An Amazing Case Study On How Bias Makes Us Stupid

when-facepalmnot-enoughBias makes you stupid. It interferes with our objective judgment, makes us unreasonable and unfair, leads to poor decisions and the loss of the respect of others. Seldom will one see a more striking example than the current post on The Daily Kos, the unhinged far left website, by earnest, progressive, biased and struck-stupid commentator Mark E. Anderson.

Republican Gov. Scott Walker of Wisconsin is a potential Republican presidential contender who is hated by progressives with an unseemly passion for his successful vanquishing of public employee unions in a traditionally liberal state. He never graduated from college: he left the University of Marquette in his senior year to take advantage of a business opportunity, and never looked back. Good for him.

In a recent interview, addressing his lack of bachelors degree, Walker said,

“I’ve got a master’s degree in taking on the big government special interests, and I think that is worth more than anything else that anybody can point to.”

Does anyone reading that sentence, knowing its context and being educated sufficiently to have a passing familiarity with the basic tools of rhetoric, such as irony, metaphor, and hyperbole, misunderstand what Walker was saying?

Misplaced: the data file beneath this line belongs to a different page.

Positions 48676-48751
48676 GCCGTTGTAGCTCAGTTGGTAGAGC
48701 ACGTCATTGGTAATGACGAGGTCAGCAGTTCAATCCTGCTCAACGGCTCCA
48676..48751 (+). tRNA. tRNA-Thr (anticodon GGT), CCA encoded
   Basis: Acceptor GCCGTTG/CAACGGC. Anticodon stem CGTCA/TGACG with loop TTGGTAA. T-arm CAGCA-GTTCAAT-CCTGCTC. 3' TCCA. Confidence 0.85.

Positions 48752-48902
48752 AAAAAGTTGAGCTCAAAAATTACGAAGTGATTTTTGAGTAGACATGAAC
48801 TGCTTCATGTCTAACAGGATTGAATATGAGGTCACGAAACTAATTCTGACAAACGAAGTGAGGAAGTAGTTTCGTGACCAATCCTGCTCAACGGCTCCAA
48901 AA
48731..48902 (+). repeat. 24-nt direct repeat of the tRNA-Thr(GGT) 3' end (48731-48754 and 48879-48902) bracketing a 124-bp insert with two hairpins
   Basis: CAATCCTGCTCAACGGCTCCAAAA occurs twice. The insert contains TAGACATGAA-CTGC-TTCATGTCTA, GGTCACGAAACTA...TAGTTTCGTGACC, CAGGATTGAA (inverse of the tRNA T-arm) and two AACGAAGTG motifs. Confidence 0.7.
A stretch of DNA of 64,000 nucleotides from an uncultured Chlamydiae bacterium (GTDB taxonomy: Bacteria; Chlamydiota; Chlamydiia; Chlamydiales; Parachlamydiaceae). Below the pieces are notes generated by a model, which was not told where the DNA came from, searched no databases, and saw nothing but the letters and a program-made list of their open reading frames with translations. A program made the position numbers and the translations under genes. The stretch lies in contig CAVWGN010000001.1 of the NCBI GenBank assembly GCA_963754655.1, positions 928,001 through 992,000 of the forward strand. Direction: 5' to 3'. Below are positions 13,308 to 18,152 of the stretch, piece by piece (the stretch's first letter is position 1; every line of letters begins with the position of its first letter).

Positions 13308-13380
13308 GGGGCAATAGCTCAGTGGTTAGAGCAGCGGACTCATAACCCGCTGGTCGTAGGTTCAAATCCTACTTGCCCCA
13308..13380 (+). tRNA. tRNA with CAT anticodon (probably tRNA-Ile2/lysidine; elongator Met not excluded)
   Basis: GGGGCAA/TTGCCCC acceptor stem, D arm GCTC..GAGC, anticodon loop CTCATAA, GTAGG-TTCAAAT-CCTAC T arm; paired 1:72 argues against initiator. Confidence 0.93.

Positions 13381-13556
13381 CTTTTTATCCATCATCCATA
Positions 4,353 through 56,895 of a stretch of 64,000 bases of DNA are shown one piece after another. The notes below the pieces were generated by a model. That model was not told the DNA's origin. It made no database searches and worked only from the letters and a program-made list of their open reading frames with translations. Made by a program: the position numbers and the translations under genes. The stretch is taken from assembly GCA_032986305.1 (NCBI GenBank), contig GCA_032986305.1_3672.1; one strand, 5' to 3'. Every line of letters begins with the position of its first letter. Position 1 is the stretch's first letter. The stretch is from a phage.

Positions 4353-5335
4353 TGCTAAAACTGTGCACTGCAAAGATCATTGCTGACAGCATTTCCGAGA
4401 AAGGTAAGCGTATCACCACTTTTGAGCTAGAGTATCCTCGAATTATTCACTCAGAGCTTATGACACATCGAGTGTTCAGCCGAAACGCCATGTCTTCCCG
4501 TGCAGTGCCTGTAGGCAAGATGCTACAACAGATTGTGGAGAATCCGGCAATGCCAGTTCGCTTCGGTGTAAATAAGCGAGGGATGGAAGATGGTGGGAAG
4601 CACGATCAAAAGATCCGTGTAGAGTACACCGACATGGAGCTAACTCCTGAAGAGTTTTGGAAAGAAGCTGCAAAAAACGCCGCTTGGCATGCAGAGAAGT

Well, both Anderson and his editors at the Daily Kos did misunderstand Walker’s obvious—to the non-hate addled—meaning. Believe it or not, they jointly allowed the site to post Anderson’s embarrassing screed titled,

Wisconsin Gov. Scott Walker claims to have a master’s degree

Yup…it really is called that. The title would be unethically deceitful if the writer wasn’t so obviously serious, writing,

“He does not get to say he has a non-existent master’s degree. He has not earned one—he does not know what non-traditional students have to sacrifice for their education. He has never wondered if he will have enough money for food after he pays his tuition bill, or if he can afford diapers after purchasing a textbook. He has never slaved away for months on something, putting heart and soul into it, only to have a professor rip it to shreds in less than five minutes, and to have loved ones walk out of your life.No, Walker does not have a master’s degree in taking on the big government special interests. He is a college dropout.”

Wow.

This even worse than Fox News’ recent bout of confirmation bias, lazily reporting absurd claims that whole cities in Great Britain and France were Islamic enclaves. That was a matter of believing something unlikely because they want it to be true, and not bothering to check the facts. Anderson had all the facts right in front of him, and still can’t comprehend them. That’s bias blindness.

Yes, Mr. Anderson, Gov. Walker is a college dropout, and as such, with your help, he has proved a fact of life: formal education is not a prerequisite of success and leadership ability,  and all the degrees in the world can’t overcome the brain rot that accompanies blinding hate and bias.

_______________________

Pointer: Althouse

Source :Daily Kos

Graphic: rolfnlol

13 thoughts on “An Amazing Case Study On How Bias Makes Us Stupid

  1. I was going to write about this story this weekend; I may yet, but I’m glad you got to it now. There’s a concept in literary theory called “willful misreading.” This is a definition by example. Not sure it’s worse than completely making stuff up (Fox), but the two phenomena are first cousins if not siblings.

    • That’ll be the day they print ‘NEVER MIND’ in 60-point bold and shut down the website.